What a network I had at my fingertips! I may survive this after all, I thought to myself! I called my friend at work, knowing that it was 5:00 a.m. and I was sure to wake her. She took charge on her end and my network was enlarged by the second. I notified my children who tried to locate anyone they could think of with political connections. Although I was not getting on the 1:00 p.m. flight and I would be staying overnight, it would hopefully be somewhere with a bed. I would have to figure out how to get to the U.S. Embassy by 8:30 a.m. the next morning.
The next hour I called every credit-card company and blocked all my cards. My son texted me to tell me that he found a friend with connections at the U.S. Embassy, only to be told that there was nothing that could be done from the States. I would just have to wait until morning. Perhaps the pickpocket was after cash and might have thrown my wallet and passport in a nearby garbage bin, my son suggested. The next half hour, I walked inside and outside of Terminal A in Berlin’s Tegel Airport, peering into garbage cans. No luck!
By now it was 7:00 a.m. in New York and I called my best friend to vent. She asked me if I had gotten my luggage back. I had totally forgotten about my luggage! She told me that airlines always remove luggage for security reasons if a passenger does not show up. Next task, track down my luggage. I was directed to another terminal, about a ten-minute walk away and told to wait. An hour later, I was told they had located my luggage and brought it to me. OK, I thought, if I get stuck here indefinitely, at least I’ll have a change of clothes.
My phone rang and I looked at the caller ID to see that Rabbi Hollander was calling. With a shaky voice, I answered, hoping for good news. Rabbi Hollander told me that Rabbi Avraham Schwarz, one of our European rabbis from England, was not available as he was in Denmark, but he managed to track down Rabbi Yitzchak Sterling, who was in Hamburg. Germany is a big country. Hamburg to Berlin is like Boston to New York. But Rabbi Sterling was happy to be my knight in shining armor. Rabbi Hollander told me he would give Rabbi Sterling my number and have him call me. I hung up and breathed a sigh of relief. You see, Tatti, I thought, sometimes people will help you.
Five minutes later, my phone rang. A lovely voice introduced himself as Rabbi Sterling. He explained that he would finish up two inspections in Hamburg and then head to Berlin. His navigation system estimated he would arrive at around 6:30 p.m., and he reassured me that he would not leave until I was safe and on my way back to New York. At that point I was emotionally drained and sat down on the floor of the airport to shed tears of relief.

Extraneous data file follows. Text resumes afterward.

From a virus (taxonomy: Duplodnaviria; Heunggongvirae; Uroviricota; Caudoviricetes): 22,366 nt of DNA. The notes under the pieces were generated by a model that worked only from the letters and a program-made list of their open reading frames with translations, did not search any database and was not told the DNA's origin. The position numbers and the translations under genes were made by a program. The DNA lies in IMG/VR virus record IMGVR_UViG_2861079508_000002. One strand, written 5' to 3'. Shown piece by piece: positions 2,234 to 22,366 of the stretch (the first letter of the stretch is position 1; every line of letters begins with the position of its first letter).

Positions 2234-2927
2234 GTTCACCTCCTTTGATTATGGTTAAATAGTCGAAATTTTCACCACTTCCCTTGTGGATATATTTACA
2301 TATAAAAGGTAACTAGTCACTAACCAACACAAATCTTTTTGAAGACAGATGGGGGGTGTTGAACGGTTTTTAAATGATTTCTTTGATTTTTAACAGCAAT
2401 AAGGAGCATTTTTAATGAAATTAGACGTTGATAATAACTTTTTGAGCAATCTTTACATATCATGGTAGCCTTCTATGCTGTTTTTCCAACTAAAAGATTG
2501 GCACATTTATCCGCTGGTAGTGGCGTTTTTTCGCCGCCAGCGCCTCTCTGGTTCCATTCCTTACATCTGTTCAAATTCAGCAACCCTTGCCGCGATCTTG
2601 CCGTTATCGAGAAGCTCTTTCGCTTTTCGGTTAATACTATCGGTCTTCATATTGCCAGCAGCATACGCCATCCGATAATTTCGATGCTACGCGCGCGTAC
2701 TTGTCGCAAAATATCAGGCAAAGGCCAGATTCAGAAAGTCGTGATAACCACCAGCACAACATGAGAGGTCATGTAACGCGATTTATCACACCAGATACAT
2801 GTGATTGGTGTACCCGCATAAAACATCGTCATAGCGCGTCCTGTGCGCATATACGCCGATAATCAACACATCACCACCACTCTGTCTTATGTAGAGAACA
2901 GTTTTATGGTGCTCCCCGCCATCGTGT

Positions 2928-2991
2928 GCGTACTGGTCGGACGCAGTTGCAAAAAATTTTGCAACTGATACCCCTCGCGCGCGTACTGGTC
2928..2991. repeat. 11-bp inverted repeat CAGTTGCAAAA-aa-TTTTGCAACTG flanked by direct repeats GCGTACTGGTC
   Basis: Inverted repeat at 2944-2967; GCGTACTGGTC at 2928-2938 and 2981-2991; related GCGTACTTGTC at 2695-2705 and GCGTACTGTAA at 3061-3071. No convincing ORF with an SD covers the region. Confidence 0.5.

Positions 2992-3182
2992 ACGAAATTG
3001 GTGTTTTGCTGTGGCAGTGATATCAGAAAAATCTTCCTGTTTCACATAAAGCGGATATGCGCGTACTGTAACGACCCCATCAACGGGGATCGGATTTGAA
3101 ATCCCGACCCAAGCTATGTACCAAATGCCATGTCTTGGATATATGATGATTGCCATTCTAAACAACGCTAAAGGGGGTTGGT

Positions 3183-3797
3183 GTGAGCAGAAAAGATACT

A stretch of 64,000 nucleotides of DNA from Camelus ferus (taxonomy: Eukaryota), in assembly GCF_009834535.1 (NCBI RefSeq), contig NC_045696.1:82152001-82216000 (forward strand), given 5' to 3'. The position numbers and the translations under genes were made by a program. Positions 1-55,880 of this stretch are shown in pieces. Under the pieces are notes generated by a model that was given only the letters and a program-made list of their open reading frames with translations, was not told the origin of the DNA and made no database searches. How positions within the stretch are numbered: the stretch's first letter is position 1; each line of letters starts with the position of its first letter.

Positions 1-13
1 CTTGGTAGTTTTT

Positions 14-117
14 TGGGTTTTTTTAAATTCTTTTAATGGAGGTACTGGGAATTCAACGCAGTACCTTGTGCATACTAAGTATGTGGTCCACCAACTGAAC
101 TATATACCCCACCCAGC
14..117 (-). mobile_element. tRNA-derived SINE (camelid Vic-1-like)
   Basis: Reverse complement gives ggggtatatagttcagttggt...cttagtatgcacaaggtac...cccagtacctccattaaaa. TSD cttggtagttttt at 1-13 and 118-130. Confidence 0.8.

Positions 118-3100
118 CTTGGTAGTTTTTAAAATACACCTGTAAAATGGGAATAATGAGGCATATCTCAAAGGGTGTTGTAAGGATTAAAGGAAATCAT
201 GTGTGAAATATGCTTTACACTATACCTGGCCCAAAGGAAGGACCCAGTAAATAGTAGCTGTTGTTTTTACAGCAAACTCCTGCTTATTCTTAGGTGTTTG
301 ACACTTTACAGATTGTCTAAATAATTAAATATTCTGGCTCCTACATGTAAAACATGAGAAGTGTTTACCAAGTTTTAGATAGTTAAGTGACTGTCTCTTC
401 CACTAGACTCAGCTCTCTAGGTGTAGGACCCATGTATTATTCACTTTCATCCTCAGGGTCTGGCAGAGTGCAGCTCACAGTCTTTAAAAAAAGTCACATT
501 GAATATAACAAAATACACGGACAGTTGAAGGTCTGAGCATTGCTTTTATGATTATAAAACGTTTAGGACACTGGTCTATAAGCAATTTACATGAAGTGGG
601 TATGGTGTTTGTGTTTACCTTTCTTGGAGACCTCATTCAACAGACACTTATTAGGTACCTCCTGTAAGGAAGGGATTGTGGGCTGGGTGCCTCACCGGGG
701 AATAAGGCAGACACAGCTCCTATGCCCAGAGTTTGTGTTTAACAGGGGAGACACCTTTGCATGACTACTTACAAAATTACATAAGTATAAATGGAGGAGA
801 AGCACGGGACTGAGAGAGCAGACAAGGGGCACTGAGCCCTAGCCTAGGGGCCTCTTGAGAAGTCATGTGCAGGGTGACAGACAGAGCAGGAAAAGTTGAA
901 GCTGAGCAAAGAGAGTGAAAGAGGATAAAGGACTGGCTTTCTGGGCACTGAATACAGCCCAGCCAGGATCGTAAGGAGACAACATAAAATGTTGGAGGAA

Offers Of Help
Phone calls and texts started pouring in from concerned colleagues who had heard through the office grapevine what had happened. Offers of credit-card usage, money wires, and anything else I could possibly need were pouring in. Overwhelmed with emotion, I thanked all of them and informed them that Rabbi Sterling was coming to save me. I wasn’t helpless anymore, I would be fine.
I parked my luggage and my very tired self next to an outlet so at least I could charge my phone and wait for my savior. Rabbi Sterling had a bit of trouble finding me, but find me he did. I was greeted by a gentle, smiling soul who was so happy to have reached me. I’m not sure who was happier! All I knew was that this remarkable man had driven four hours to help another Jew and colleague. I had not eaten all day, and after we checked into separate rooms at the Ramada Hotel in Berlin for the night, Rabbi Sterling, who travels with kosher food, offered to share everything he had with me. Words cannot express how delicious a piece of bread and a slice of cheese can taste after the kind of day I had.
Rabbi Sterling and I agreed to meet at 7:30 the next morning so I could get to the U.S. Embassy as soon as it opened. By 10:00 a.m. I was the proud owner of a temporary United States passport. We headed for the airport and as I prepared to leave, Rabbi Sterling handed me enough Euros and U.S. dollars to ensure I would get home. After thanking him, he handed me another dollar bill as shaliachmitzvah gelt, money given to charity while traveling. With tears in my eyes, I headed into the terminal to get on my flight to New York.
As I write this article, I am sitting comfortably on the plane, halfway home. Mi k’amcha Yisrael—Who can be compared to the Jewish nation! Where in the world could I possibly find a kinder, more selfless group of people than those I am lucky to work with at the Orthodox Union. Guess what, Tatti. I want to tell my father, who I’m sure is watching me from Olam HaBa, of the people who will come to the rescue. I am all the richer for being lucky enough and privileged enough to work with many of them. v